# General Solution of PDE using Fourier's method

• Oct 17th 2009, 08:39 PM
Maccaman
General Solution of PDE using Fourier's method
Hello,
Can someone please have a look at this problem and tell me if I have answered it correctly (I do get the solution so I'm more concerned about the process being correct).

Show that using the Fourier's method for $\displaystyle 0 < x < L$ and $\displaystyle t > 0$ that the PDE

$\displaystyle u_t(x,t) = c^2u_{xx}(x,t)$

with boundary conditions

$\displaystyle u(0,t) = u_x (L,t) = 0$

has the general solution

$\displaystyle u(x,t) = \sum_{n=1}^\infty A_ne^{-(\frac{(2n+1)\pi c}{2L})^2t} \sin (\frac{(2n+1)\pi x}{2L})$
• Oct 17th 2009, 08:40 PM
Maccaman
Here is my answer:

$\displaystyle u_t(x,t) = c^2u_{xx}(x,t)$

$\displaystyle u(0,t) = 0$, $\displaystyle u_x(L,t) = 0$

$\displaystyle u(x,t) = F(x) G(t)$

$\displaystyle u_x(x,t) = F'(x) G(t)$

$\displaystyle u_{xx}(x,t) = F''(x) G(t)$

$\displaystyle u_t(x,t) = F(x) \dot{G}(t)$

Substitute back into PDE

$\displaystyle F\dot{G} = c^2 F''G$

$\displaystyle \Rightarrow \ \frac{\dot{G}}{c^2G} = \frac{F''}{F}$

Both must equal so constant $\displaystyle k = -p^2$

This gives 2 ODE's:

$\displaystyle F'' + p^2 F = 0$

$\displaystyle \dot{G} + c^2 p^2 G = 0$

$\displaystyle F(x) = A \cos (px) + B \sin (px)$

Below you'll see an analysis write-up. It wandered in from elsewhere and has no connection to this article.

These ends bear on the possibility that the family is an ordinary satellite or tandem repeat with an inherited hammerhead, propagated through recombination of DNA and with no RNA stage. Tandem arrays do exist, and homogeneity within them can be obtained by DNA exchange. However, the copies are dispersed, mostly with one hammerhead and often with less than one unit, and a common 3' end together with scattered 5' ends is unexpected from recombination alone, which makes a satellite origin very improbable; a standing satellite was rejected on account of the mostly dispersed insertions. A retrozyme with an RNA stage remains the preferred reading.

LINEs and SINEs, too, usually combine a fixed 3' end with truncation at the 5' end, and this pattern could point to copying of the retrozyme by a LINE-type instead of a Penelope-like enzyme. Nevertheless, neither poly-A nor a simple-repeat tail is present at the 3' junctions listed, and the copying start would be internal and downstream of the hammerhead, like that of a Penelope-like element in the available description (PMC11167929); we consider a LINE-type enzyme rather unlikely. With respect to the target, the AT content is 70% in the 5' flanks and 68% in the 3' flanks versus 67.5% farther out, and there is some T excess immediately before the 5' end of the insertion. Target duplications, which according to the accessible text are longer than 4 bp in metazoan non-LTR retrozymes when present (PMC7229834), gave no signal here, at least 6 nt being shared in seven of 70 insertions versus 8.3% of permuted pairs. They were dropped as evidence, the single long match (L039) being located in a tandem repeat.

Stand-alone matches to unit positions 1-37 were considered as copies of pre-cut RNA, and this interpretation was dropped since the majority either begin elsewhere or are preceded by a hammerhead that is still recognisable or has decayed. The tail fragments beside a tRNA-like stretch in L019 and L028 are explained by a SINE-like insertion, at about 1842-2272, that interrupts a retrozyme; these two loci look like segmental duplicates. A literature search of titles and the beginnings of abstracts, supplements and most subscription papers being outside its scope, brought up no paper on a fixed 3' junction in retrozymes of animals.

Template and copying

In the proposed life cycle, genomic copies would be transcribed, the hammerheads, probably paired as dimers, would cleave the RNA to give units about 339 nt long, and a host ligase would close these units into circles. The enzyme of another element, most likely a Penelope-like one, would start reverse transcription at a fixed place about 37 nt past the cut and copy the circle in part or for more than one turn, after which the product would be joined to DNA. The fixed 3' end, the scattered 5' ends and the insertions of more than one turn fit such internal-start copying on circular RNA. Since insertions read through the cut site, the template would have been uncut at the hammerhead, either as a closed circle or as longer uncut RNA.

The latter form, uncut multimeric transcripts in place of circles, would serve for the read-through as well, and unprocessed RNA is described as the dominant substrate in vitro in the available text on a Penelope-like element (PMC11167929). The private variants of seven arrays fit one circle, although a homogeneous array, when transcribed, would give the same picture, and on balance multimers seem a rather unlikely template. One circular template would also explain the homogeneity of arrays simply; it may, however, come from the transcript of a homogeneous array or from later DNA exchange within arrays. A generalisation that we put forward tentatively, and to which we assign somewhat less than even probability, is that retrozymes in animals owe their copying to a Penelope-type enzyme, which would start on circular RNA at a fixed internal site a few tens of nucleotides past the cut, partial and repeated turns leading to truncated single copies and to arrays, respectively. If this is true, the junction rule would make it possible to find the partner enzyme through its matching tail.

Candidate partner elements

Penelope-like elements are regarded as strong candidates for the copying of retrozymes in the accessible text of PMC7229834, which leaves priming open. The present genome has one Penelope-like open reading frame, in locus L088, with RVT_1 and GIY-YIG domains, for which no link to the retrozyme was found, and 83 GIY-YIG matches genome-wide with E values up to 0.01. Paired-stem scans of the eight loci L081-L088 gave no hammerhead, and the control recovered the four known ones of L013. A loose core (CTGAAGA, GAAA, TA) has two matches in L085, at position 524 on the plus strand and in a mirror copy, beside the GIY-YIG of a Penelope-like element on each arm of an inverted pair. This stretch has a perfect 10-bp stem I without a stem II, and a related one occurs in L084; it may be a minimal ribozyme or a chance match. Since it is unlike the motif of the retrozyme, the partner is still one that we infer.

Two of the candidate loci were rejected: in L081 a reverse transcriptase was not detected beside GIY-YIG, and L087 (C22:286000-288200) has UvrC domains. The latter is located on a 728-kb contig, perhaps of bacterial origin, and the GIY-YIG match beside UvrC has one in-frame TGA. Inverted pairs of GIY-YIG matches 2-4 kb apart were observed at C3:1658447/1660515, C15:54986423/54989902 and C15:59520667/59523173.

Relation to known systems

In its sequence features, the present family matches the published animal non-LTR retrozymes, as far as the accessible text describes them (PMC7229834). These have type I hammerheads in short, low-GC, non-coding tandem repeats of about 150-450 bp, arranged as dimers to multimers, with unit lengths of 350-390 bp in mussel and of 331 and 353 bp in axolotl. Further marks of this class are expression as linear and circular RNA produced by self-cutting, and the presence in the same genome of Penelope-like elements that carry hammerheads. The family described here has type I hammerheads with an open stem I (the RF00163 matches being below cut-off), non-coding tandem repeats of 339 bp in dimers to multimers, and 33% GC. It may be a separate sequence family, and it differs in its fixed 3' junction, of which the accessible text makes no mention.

$\displaystyle u(0,t) = F(0) G(t) = 0$

$\displaystyle \Rightarrow \ F(0) = 0$

$\displaystyle F(0) = A \ \Rightarrow \ A=0$

$\displaystyle F(x) = B \sin (px)$

$\displaystyle F'(x) = Bp \cos (px)$

$\displaystyle u_x(L,t) = F'(L) G(t) = 0$

$\displaystyle \Rightarrow \ F'(L) = 0$

$\displaystyle F'(L) = Bp \cos(pL)$

$\displaystyle \Rightarrow \ p = \frac{z \pi}{2L}$ for some $\displaystyle z = 2n+1$ for $\displaystyle n = 1,2,3,....$

$\displaystyle F_n(x) = \sin (\frac{(2n+1)\pi x}{2L})$ , (Let $\displaystyle B = 1$)

Let $\displaystyle \lambda_n^2 = c^2 p^2$

$\displaystyle = \frac{c^2 (2n+1)^2 \pi}{4L^2}$

$\displaystyle \Rightarrow \ \lambda_n = \frac{c(2n+1) \pi}{2L}$

$\displaystyle \dot{G} + \lambda_n^2 G = 0$

$\displaystyle \Rightarrow G_n(t) = A_n e^{-\lambda_n^2 t}$ where $\displaystyle A_n$ is some co-efficient

Then $\displaystyle u_n(x,t) = F_n(x) G_n(t)$

$\displaystyle = A_n e^{-\lambda_n^2 t} \sin (\frac{(2n+1)\pi x}{2L})$

$\displaystyle = A_n e^{-(\frac{(2n+1)c \pi}{2L})^2 t} \ \sin (\frac{(2n+1)\pi x}{2L})$

Therefore

$\displaystyle u(x,t) = \sum_{n=1}^\infty u_n(x,t) = \sum_{n=1}^\infty A_n e^{-(\frac{(2n+1)c \pi}{2L})^2 t} \ \sin (\frac{(2n+1)\pi x}{2L})$